Milking an artificial cow, petting a live sheep and watching a straw dummy get wrapped around a power take off shaft are just a few of the activities Pratt County fourth and fifth graders witnessed Tuesday and Wednesday at Kids Day on the Farm.

David and Jesse Blasi host the annual event at the farm located a mile and a half north and one mile west of Pratt.

Fourth graders from across the county and Cunningham are invited to come and learn about the many facets of farming and enjoy a grilled burger for lunch. The fifth graders were also invited this year because the last Kids Day was cancelled three times because of weather.

Classes are divided into small groups and moved from one location to another around the farm to each station. A pickup horn signaled the end of each session. Students either stood or sat on hay bales to watch and participate in each activity.

Various businesses provided presenters and gave information about a variety of farm topics. Students were encouraged to ask questions at each station.

Farm owner David Blasi used some real cows and calves as a visual aid as he talked about how to raise and take care of cattle. He said it was very expensive to feed cattle especially during the last two years of drought.

Between sessions, Blasi said he enjoyed sharing his farm with the students but noticed that over the years fewer and fewer students had any direct connection to the farm. When he first started the event, almost every student either lived on a farm or had a relative like an uncle or grandfather that had a farm.

Now almost none of the students have any direct association with a farm.

"We have totally lost that connection," Blasi said.

Chris Drake of Farm Bureau presented a farm safety video that focused on farm equipment and livestock. He had a toy grain cart with a small toy doll inside to represent a child and showed the students how quickly the child disappeared when the soybeans in the cart were emptied.

He then led the students to a live demonstration of the dangers of a PTO shaft featuring a hay-stuffed dummy getting wrapped up in the shaft. The students were impressed with the speed the dummy was twisted.

Galen Banks of Kincheloe's Inc. led a safety discussion on ATVs using a real ATV and having students read the safety stickers on the vehicle. He also talked about safe operation and the use of a helmet.

Representing Crop Quest, Paul Stamy showed the various products made from the most common crops in the county: wheat, corn, milo, soybeans and cotton.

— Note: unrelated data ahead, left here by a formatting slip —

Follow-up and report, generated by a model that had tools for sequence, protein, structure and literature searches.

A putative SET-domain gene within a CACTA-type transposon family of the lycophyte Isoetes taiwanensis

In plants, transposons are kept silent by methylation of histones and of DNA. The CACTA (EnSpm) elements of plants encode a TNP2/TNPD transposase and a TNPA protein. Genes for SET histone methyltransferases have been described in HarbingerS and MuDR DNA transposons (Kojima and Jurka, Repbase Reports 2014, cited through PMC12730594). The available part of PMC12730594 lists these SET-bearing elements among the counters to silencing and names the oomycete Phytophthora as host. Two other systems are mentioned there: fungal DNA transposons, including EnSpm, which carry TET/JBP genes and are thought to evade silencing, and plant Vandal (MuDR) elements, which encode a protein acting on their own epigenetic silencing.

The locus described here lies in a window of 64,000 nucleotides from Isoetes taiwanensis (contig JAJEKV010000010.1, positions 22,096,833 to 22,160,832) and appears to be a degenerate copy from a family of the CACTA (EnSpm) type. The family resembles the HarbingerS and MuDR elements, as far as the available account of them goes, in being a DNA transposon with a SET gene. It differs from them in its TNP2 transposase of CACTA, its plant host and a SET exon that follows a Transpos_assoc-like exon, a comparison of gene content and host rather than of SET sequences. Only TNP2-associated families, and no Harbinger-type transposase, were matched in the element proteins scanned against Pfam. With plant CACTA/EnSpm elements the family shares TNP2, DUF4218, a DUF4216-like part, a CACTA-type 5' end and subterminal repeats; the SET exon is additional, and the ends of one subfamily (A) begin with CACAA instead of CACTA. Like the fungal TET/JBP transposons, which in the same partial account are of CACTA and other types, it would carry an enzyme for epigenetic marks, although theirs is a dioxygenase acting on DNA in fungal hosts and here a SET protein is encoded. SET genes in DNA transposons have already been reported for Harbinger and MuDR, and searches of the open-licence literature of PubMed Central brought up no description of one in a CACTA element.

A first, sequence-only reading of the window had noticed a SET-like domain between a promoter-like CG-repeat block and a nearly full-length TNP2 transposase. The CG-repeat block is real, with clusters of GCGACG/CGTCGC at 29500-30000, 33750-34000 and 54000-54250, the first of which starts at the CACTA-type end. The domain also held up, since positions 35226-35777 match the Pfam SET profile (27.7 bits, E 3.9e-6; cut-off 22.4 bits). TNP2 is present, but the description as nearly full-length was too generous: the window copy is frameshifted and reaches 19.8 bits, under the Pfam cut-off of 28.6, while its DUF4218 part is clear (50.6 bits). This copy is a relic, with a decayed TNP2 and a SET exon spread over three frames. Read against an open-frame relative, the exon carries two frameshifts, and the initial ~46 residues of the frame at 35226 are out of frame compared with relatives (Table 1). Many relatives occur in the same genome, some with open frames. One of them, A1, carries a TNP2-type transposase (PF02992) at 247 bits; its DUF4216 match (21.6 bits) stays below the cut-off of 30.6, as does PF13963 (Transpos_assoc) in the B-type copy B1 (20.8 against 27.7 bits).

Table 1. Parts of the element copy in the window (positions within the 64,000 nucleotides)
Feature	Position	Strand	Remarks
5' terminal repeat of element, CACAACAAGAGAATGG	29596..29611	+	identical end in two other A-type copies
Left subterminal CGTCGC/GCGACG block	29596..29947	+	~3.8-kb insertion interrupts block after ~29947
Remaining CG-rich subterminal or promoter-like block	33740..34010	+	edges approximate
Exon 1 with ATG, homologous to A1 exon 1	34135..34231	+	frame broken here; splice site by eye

He also displayed a remote controlled airplane Crop Quest uses to photograph fields from the air to track insect and weed problems, water patterns and areas in need of spraying.

Veterinarian Brian Spitzer of Hi-Plains Veterinary Services talked about taking care of animals and helped students pet a live sheep.

One of the more dramatic demonstrations was electrical dangers presented by Robert Lamatsch, lineman for Ninnescah Electric. Using a miniature set of power poles, some wire, a battery, a transformer and some farm toys, he showed how electricity passes through machinery and people.

The display featured an actual visible electrical current going to the ground plate on the display. Lamatsch also told the children to stay inside a vehicle if a power line fell on it but if the vehicle caught fire and they had to leave to jump from the vehicle to the ground instead of stepping off because that would create a path for the electricity and injure the person.

Another very popular display was the National Resources Conservation Service water erosion demonstration. Brad Swisher, NRCS conservation technician, narrated the display that featured water running through a landscape (recycled plastic) that formed a meandering riverbed with vehicles, animals and buildings along the banks.

Gradually the water ate away at the bank, eventually causing it to collapse and sending vehicles and animals into the water much to the delight of the students who eagerly guessed what would fall into the water next.

Swisher also demonstrated how putting dead trees or logs along the riverbank would help stop the erosion.

Kyle Banks of the Kanza Co-op shared the use of technology and how it was used on equipment like tractors and combines to save fuel and time by keeping the equipment moving in a precise direction.

He also shared how technology could make irrigating crops more efficient and demonstrated how to measure the amount of moisture in seeds.

Farmer Dwane DeWeese took students to a line of farm equipment and explained how each piece was used. He shared how soybean plants worked and made soybeans.

One of the most popular activities was getting to milk an artificial cow. After Anita DeWeese gave information about dairy cattle using a live cow as a visual aid, the students lined up to try their hand at milking an artificial cow.

Brett Detwiler said it was a lot of fun and Fernando Fernandez said he enjoyed it.